has outlineddetails of how its "Ambition Stratégique 2020" will rely on itsinsurance business to deliver growth at a time of shrinking returns on thebanking business.
FrédéricThomas, CEO of Crédit AgricoleAssurances, said much of the growth will come from the sale ofunit-linked products, Les Echosreported March 29. As a share of total assets, Thomas wants to increase suchproducts to 25% from 20%. Total assets are expected to rise by 10% between 2015and 2019, he said, to €285 billion.
Itwill be looking to make space for itself in a crowded field. Many Europeaninsurers concerned about the increased capital requirements for guaranteedproducts are looking to sell more unit-linked products, which are not subjectto such stringent regulations.
However,customers in France, Germany and other countries have not shown themselves tobe especially keen on these products, forcing insurers who want to maintainmarket share to continue providing the capital-intensive guaranteed variety.
Still,Crédit Agricole Assurances is hoping to double its share of the workplace pensionsbusiness to 16% by 2019, Thomas said. To achieve this, it is expected to leanon its subsidiary Amundi, which has a strong position in the market,according to Les Echos. Amundirecorded net inflowsof €80 billion in 2015, equivalent to 9% of AUM at the beginning of that yearand the highest figure since its creation in 2010. Over the 2015to 2019 period, Crédit Agricole is hoping to maintain its 18% share of the personallife insurance market.
The impact of low rateson safe assets
Insurersare also struggling to attract investment despite their products offeringhigher rates than bank accounts. In an interview, Shailesh Raikundlia, ananalyst at Haitong Research, noted that the difference is only marginal.
"[Customers]end up having a lot of cash. In a low interest rate environment, people expectthat many insurance and other products will be sold but it has not proved to bethat way," he said. Given the "minute" increases in returns,"many people do not bother."
In areport published in February, Fitch warned that French insurers will continue to face atough operating environment because of the low rates. Despite improving theirbusiness mix toward unit-linked products in 2015, it noted that their exposureremains skewed toward guaranteed products. The rating agency said it expectsinsurers to continue trimming crediting rates in 2016 as they attempt tomaintain business volumes and competitive expense ratios.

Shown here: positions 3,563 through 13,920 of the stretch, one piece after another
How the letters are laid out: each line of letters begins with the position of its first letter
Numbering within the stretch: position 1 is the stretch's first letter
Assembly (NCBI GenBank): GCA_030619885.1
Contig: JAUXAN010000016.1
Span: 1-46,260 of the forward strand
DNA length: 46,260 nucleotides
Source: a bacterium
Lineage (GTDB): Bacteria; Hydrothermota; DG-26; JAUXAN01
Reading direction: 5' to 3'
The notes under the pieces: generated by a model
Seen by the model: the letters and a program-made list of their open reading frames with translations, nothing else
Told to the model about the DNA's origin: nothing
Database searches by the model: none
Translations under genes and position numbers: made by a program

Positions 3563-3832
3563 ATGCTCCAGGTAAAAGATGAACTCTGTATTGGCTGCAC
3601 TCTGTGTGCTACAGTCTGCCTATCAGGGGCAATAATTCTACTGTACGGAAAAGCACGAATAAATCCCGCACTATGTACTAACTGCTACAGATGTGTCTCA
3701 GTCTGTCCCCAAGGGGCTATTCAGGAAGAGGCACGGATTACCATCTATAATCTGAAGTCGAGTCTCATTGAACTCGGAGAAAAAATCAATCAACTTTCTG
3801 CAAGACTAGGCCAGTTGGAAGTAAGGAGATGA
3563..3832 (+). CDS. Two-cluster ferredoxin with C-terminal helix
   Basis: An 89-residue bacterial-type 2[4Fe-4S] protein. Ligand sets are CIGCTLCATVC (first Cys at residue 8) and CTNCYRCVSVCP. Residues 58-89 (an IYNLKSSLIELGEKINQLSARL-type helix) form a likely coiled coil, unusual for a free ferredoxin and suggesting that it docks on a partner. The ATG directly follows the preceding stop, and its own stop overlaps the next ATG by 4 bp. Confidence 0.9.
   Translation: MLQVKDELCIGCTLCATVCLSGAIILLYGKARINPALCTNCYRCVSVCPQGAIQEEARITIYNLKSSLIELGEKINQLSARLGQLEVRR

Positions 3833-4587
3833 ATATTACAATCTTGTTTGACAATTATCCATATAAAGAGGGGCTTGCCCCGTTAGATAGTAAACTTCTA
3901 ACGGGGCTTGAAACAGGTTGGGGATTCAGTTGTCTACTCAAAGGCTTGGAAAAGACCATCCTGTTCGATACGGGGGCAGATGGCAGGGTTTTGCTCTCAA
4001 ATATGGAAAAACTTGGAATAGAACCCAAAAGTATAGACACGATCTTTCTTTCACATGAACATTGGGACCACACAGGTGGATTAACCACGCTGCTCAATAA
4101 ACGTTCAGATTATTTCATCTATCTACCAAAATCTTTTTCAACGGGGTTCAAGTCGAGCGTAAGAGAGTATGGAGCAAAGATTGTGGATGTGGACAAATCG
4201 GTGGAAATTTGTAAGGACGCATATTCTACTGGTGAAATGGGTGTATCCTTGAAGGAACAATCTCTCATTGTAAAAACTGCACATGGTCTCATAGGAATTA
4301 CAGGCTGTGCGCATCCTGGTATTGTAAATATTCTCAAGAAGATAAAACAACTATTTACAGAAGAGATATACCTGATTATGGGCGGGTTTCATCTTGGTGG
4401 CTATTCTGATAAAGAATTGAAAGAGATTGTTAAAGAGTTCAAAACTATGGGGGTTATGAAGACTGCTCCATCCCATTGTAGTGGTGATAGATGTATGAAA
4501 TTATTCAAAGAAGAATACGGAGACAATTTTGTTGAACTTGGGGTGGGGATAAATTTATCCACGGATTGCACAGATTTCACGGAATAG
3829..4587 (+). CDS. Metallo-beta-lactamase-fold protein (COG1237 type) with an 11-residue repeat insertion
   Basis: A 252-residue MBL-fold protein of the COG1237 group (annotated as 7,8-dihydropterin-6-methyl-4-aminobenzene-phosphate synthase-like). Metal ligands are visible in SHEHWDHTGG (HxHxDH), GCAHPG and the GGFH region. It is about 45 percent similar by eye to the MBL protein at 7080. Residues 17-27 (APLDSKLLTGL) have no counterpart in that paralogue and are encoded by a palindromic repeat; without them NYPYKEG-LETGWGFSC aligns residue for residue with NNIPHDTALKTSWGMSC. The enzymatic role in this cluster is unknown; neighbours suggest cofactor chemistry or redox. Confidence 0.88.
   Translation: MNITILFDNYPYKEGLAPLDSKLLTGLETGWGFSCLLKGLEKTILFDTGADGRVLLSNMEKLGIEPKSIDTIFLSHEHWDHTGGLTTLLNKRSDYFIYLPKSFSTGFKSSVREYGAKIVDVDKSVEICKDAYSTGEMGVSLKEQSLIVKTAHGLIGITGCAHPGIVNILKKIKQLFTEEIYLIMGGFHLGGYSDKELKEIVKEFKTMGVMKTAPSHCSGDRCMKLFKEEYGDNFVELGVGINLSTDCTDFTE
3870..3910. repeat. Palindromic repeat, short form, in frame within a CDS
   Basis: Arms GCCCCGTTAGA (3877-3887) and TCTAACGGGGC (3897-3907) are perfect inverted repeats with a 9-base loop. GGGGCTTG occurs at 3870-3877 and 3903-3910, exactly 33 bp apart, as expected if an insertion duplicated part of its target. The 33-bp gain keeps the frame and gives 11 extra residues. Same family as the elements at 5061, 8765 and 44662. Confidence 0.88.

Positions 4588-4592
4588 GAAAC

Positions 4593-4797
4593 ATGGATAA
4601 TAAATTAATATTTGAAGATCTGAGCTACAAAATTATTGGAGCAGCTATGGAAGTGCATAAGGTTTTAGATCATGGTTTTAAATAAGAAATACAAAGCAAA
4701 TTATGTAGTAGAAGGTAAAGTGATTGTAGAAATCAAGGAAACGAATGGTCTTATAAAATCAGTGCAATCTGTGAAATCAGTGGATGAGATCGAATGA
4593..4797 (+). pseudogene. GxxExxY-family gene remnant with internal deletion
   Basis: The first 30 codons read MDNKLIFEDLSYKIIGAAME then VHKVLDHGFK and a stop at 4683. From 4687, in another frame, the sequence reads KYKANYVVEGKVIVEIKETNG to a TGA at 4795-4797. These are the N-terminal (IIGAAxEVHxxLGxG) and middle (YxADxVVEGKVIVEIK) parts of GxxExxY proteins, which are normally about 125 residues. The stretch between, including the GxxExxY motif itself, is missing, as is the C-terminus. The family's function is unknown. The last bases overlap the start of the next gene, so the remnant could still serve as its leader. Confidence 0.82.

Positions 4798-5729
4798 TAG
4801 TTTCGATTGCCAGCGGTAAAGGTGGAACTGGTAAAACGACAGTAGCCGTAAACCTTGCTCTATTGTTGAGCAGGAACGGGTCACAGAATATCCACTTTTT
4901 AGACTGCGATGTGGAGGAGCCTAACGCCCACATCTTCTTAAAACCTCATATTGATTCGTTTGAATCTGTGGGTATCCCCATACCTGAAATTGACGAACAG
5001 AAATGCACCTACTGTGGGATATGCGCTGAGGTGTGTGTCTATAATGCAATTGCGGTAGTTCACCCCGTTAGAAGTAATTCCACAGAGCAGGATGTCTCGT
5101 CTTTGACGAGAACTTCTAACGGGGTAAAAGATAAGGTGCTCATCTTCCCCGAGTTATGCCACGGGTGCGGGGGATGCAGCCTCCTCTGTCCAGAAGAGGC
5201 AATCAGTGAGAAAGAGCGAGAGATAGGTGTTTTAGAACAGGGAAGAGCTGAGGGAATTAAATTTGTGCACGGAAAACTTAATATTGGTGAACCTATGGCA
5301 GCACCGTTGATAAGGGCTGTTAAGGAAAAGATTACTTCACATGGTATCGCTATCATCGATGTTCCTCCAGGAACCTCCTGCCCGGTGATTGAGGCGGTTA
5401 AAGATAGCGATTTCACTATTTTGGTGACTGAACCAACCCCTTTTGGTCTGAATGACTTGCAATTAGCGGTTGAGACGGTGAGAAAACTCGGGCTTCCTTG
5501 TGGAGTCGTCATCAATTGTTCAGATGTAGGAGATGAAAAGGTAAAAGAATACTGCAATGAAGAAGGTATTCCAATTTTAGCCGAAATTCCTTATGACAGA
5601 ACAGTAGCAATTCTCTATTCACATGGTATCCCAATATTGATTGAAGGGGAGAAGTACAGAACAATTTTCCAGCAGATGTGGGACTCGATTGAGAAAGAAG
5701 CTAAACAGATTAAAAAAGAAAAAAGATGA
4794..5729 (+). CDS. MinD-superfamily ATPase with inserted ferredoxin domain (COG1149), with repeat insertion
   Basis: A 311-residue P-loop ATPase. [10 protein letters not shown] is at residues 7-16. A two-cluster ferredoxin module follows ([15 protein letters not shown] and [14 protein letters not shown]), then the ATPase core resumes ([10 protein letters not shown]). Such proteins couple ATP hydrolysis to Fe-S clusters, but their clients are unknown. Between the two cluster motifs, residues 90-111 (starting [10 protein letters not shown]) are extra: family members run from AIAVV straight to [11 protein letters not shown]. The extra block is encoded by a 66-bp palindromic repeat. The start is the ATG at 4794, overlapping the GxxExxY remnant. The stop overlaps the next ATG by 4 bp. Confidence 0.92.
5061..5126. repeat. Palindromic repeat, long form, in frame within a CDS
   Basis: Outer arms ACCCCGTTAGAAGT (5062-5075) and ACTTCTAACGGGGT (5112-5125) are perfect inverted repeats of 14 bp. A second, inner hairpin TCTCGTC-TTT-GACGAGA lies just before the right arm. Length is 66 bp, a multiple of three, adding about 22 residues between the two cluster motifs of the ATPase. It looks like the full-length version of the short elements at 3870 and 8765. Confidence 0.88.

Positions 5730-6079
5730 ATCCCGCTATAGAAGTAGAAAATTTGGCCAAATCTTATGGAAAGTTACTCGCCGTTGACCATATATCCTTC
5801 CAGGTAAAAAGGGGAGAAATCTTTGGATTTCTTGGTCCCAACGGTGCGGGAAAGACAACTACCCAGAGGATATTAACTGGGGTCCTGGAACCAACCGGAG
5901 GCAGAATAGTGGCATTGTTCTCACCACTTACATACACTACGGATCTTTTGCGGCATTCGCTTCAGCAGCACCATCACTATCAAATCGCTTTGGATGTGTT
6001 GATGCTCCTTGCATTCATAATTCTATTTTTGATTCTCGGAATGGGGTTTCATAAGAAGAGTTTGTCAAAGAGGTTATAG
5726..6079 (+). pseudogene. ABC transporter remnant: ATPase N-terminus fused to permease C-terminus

Backing away from banking
Therestructuring of Crédit Agricole's business in February emphasized an increasedreliance on fund management and insurance, leading some analysts to suggest thegroup could now be more easily compared to a bancassurer like than and , its closestrivals in the French banking market.
Accordingto data from SNL Financial, a part of S&P Global Market Intelligence,Crédit Agricole Assurances is France's third-largest insurer by assets andgross written premiums, behind only AXA and CNP Assurances SA.
CréditAgricole's restructuring is expected to raise its common equity Tier 1 ratio to11%, giving it a 150-basis-point buffer above its Pillar 2 requirement. CEOPhilippe Brassac said in February that "capital is no longer an issue"at the bank.
AlainTchibozo, a bank analyst at Mediobanca, said in an interview that he expectedCrédit Agricole to gain market share in insurance thanks to its excess capital,while he saw BNP Paribas losing market share for the same reason. He said hedoes not expect the French to invest heavily in unit-linked insurance giventheir aversion to equity investment.
Themove away from its regional banking business means that Crédit Agricole is alsoincreasing its reliance on its corporate and investment bank, one analystpreviously told S&P Global Market Intelligence. There were also concernsabout the loss of stable income from the regional banks, which in 2015contributed €1.1 billion in net income out of a total of €3.5 billion.